Then let me put this another way: Say you HAVEN’T yet drawn a marble from any of the three bags. In that case, the probability of drawing two marbles of the same color is indeed 66% (or odds of 2 to 1), since two of the bags have marbles of the same color, and only one bag has marbles of different colors. However, in Dorian’s riddle, you HAVE drawn a marble, and it is blue. That means that you can eliminate the bag with two red marbles, leaving just two bags. That reduces the probability to 50% (or odds of 1 to 1).

    • Marc LeBlanc says:

      In order for (b) or (c) to happen, you have to first pick the right bag (1/3 chance) and then pick the right gem (1/2 chance). There is a one in six chance of that happening.

      In order for (a) or (d) to happen, you just have to pick the right bag, so the chance is 1/3.

      So (a) and (d) are more likely than either (b) or (c).

  6. Marc LeBlanc says:

    Consider this game:

    1) Dorian draws a random gem from a random bag.
    2) if the gem is red, game over. No big deal.
    3) If the gem is blue, He draws the other gem in second gem is the bag.
    4) If the second gem is red, Dorian pays you $6.
    5) If the second gem is blue, You pay him $5.

    If you believe the probability is 50%, you should be happy to play this game 2000 times; you will win about about 1000 times and lose about 1000 times, and make a net $1000.

    Dorian, please cut me in on your winnings.

  7. Leah Shuldiner says:

    Here’s another way to think of it. This is a two step game. First I pick a bag and second I pick a marble. The probability that I pick any one bag is 1/3.

    Given our scenario, where I’ve picked a blue marble, here are the probabilities:

    I had a 1/3 chance of picking the blue/blue bag. Once I pick that bag, I have a 2/2 chance of picking a blue marble. 1/3 x 2/2 = 2/6 chance.

    I had a 1/3 chance of picking the blue/red bag. Once I pick that bag, I have a 1/2 chance of picking a blue marble. 1/3 x 1/2 = 1/6.

    Therefore, I am twice as likely to have a blue marble remaining in the bag as a red one.

  8. Leah Shuldiner says:

    Also, Dorian, I hate you because I have done nothing else with my day other than think of this problem! 😉

  9. Marc LeBlanc says:

    Yet another way to think about it:

    The three bags are:

    – (100 red gems)
    – (1 blue gem, 99 red gems)
    – (100 blue gems)

    I pull a random gem from a random bag. It’s blue. Intuitively, does it seem likely as not that it came from the bag with the 1 blue gem?

    Now remove 1 gem (red, red, and blue respectively) from each bag and play again. Keep removing 1 gem from each back until you get back to the original game.

  10. shusda says:

    Let me put this another way: Say you HAVEN’T yet drawn a marble from any of the three bags. In that case, the probability of drawing two marbles of the same color is indeed 66% (or odds of 2 to 1), since two of the bags have marbles of the same color, and only one bag has marbles of different colors. However, in Dorian’s riddle, you HAVE drawn a marble, and it is blue. That means that you can eliminate the bag with two red marbles, leaving just two bags. That reduces the probability to 50% (or odds of 1 to 1). (N.B.: I also posted this comment further up the string as a reply, but I’m not sure anyone will see that one.)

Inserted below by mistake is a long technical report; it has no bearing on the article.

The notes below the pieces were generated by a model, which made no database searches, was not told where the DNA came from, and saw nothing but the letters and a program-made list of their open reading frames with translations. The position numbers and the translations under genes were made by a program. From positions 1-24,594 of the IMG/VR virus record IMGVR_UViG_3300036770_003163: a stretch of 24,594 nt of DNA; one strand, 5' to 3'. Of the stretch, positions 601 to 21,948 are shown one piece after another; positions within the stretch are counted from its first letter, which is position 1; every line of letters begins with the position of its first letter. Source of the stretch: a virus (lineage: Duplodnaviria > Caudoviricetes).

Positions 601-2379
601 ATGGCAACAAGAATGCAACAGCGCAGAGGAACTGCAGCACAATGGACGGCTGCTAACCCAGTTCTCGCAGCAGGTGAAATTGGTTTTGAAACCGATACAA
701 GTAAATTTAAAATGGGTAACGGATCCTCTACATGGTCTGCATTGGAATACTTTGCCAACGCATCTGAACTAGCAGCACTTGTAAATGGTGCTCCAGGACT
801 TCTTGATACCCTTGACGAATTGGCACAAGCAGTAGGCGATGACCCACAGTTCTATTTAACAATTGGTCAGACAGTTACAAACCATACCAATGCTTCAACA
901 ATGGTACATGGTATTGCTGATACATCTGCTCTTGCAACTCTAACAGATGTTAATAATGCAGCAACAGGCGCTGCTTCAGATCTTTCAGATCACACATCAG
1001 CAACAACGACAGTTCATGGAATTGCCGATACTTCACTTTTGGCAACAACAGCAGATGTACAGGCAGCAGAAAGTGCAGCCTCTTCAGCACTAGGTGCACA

• Marc LeBlanc says:

      If you have drawn a marble, and it’s blue, you can ALSO eliminate the case where you drew the red marble from the mixed-color bag. If you only eliminate the draw-from-red-bag cases, you haven’t gotten them all.

    • Leah Shuldiner says:

      Yes, but given that you drew a blue marble, you are twice as likely to have drawn the bb gag as the br bag, no?

  11. Adam Strong-Morse says:

    Okay, so now I’m stuck trying to figure out if this puzzle is the same as the Monty Hall problem (https://en.wikipedia.org/wiki/Monty_Hall_problem) or just similar. I think it’s just similar, not a restatement, but I’m not positive. 🙂

    Also, this reminds me very much of the principle of restricted choice in bridge–a principle that I know to be true, but find very counterintuitive nonetheless. https://en.wikipedia.org/wiki/Principle_of_restricted_choice

    • Anonymous says:

      I think it is the same as the Monty Hall problem. Instead of three doors, there are three bags. You’ve chosen a bag, and you want the bag with two blues. Of the two remaining bags, I show you the one with two reds so now you know the two remaining bags have a blue. Do you switch, or stay pat?

      • Adam Strong-Morse says:

        So, it’s at least mildly different from the Monty Hall problem. First, in the Monty Hall problem, there are actually three doors, and all three matter to the problem. In this problem, there are ostensibly three bags, but in fact there are only two relevant bags. The problem would be exactly the same if there were two bags, one with two blue gems and one with a blue and a red gem, and you drew out a blue gem. The bag with two red gems is a red herring (although it may help some people with the analysis to reach the correct answer. In the Monty Hall problem, also, new information is being introduced by a functionally omniscient third party; here, you’re just making an observation of the outcome of the choice you made. So it’s a variant on the same theme, but not identical.

        Also, in your framing, the conclusion is exactly opposite from Dorian’s framing. If you start with three bags, and want the bag with two blues, and before you draw you pick a bag, and then I reveal the bag with two reds, you should always switch. In Dorian’s framing, having drawn a gem and found that it is blue, you should never switch (because you are twice as likely to have drawn from the two-blue bag as from the red and blue). (Also, note that this produces the weird contrary to the normal Monty Hall pattern, you can pick a bag and have the bag that you picked revealed to be the two-red bag, because the two losing bags are different, and by hypothesis a specific one of the losing bags will be revealed.)

        So I don’t think they’re the same, although they’re definitely related.

  12. shusda says:

    One last thought on this, and then I promise I’ll shut up:
    In my mind, THIS slightly reworded question SHOULD be answered 66%:

    “You have three bags, each containing two gems. The first bag contains two blue gems, the second bag contains two red gems, and the third bag contains one blue gem and one red gem.

    You pick a random bag and take out one gem.

    With what certainty would you guess that the remaining gem from the same bag is the same color?”

    • Marc LeBlanc says:

      Yes!

      It’s the exact same problem. Imagine your friend says “I pulled a blue gem, what color should I guess the other one is?”

      Blue, right?

      You just said beforehand that the probability of getting a single-color bag is 2/3. Knowing that the gem is blue just tells you WHICH of those single-color bags you likely got.

  13. PalmerEldritch says:

    This is Bertrand’s Box Paradox first posed by Joseph Bertrand in his 1889 work ‘Calcul des probabilités’. And the answer is indeed 2/3. The forerunner of The Monty Hall Problem, Three Prisoner Problem and many other variations of the same.